Stocks shook off an early slump and marched higher in afternoon trading Wednesday, led by solid gains in Microsoft, Facebook and Google.
The flip-flop marked the latest reversal for a stock market that has been whipsawed by worries over the worsening trade relationship between China and the U.S. and the fallout it may have on the broader global economy. The market plunged Monday, bounced back Tuesday and see-sawed Wednesday.
Major carmakers turned higher following media reports that the U.S. is planning to delay new tariffs on car and auto part imports from Europe. The proposed tariffs would add another front to U.S. trade disputes and increase investors' anxiety.
Both European and U.S. automakers stand to suffer from retaliatory tariff increases that would cut into international sales. Ford rose 1.3 percent, Fiat Chrysler rose 1.4 percent and General Motors rose 0.8 percent.
Banks were still lower following a steep drop in bond yields. Bond prices rose sharply, sending yields lower, after some surprisingly disappointing economic data in the U.S. including weak figures on retail sales and industrial production.
The yield on the 10-year Treasury note, which is used to set rates on many kinds of loans including mortgages, fell to 2.37 percent from 2.42 percent late Tuesday, a large move.
That drop in yields hurts banks because it cuts into profit from interest on loans. Bank of America fell 1 percent and Citigroup fell 0.5 percent.
Technology stocks were mixed. Microsoft rose 1.1 percent, but chipmakers, which are heavily dependent on China for sales, remained weak. Nvidia fell 1.3 percent.
Safe-play stocks held up well. Real estate companies and makers of consumer products rose. PepsiCo rose 1.6 percent.
Analysts have been warning that the stock market will remain volatile as long as the U.S. and China remain locked in their latest spat. The latest flare-up began last week when President Donald Trump threatened, then followed through on raising more tariffs on Chinese goods. China responded earlier this week with plans for its own increased tariffs on U.S. goods.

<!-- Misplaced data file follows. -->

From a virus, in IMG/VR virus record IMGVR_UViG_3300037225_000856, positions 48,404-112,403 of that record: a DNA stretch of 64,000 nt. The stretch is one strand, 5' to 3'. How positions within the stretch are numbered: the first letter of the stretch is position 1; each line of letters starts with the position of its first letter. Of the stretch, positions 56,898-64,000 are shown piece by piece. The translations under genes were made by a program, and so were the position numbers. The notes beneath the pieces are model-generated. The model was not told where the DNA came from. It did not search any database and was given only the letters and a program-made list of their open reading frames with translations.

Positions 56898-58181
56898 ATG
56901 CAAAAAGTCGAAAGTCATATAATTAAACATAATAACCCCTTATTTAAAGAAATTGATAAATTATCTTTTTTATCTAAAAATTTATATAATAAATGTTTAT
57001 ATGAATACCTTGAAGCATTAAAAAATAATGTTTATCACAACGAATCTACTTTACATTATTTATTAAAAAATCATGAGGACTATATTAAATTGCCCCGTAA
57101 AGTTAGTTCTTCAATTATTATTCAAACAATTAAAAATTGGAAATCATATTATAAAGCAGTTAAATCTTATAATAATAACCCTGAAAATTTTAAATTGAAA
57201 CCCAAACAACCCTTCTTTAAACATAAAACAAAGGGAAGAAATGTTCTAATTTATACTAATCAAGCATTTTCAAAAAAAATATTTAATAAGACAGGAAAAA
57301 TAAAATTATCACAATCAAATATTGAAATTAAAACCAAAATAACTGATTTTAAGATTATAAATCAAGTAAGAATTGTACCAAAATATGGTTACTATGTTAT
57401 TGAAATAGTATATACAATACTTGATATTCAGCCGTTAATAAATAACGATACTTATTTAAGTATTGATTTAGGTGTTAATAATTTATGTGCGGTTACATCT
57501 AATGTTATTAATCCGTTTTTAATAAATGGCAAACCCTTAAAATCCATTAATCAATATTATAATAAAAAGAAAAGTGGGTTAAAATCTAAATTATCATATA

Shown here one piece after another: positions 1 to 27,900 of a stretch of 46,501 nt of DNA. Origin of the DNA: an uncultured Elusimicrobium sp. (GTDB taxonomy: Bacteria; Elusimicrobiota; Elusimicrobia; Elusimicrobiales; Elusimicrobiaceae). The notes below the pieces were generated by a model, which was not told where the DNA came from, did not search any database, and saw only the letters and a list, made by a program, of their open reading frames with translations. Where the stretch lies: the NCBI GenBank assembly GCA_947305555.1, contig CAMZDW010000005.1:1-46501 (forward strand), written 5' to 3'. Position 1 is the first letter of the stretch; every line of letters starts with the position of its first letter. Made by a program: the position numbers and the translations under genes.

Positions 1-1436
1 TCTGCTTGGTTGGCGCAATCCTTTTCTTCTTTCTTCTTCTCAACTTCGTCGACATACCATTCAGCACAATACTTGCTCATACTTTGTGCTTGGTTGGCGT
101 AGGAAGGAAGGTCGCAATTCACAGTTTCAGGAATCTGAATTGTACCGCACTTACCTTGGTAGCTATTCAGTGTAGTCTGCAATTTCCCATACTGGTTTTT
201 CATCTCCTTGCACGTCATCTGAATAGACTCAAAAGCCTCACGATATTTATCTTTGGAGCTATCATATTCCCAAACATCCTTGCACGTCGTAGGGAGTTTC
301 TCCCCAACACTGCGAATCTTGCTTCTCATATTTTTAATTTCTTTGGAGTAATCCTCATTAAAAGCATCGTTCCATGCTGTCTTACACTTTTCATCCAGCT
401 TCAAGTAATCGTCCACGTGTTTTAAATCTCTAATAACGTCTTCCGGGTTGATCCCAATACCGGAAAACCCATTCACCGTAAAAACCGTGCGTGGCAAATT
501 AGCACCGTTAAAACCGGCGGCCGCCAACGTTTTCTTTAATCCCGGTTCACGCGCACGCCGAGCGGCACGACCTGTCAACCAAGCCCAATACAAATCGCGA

The escalation surprised investors who had been expecting a resolution. That confidence was a key component of the stock market's sharp gains so far this year.
KEEPING SCORE: The S&P 500 index rose 0.6 percent as of 1 p.m. The Dow Jones Industrial Average rose 103 points, or 0.4 percent, to 25,635. The Nasdaq rose 0.8 percent. Small-company stocks lagged the market. The Russell 2000 index was little changed.
ANALYST'S TAKE: The rally on Wednesday could be a case of investors reading too much into what is otherwise good news on the trade front. In this case, the potential delay in tariff increases for European cars could signal something more worrisome.
"The market is having an overly optimistic reaction to the small kernels of positive news flow that have come out today," said Kristina Hooper, chief global market strategist at Invesco. "I would argue the developments we heard today only underscore the precarious situation the U.S. is in with China."
POSITIVE FLOW: Progressive rose 5.1 percent after it gave investors a solid first quarter earnings report and renewed its stock buyback plan. The insurance company reported a sharp rise in written premiums.
RECALIBRATING: Agilent plunged 12.4 percent after cutting its revenue forecast for the year following a disappointing first quarter. The scientific instruments maker reported first quarter profit and revenue that fell short of Wall Street forecasts.
SHOPPING FOR PROFIT: Alibaba Group Holding rose 1.3 percent after the online retailer blew past Wall Street forecasts for first quarter profit. The Hong Kong-based company also beat revenue forecasts for the quarter.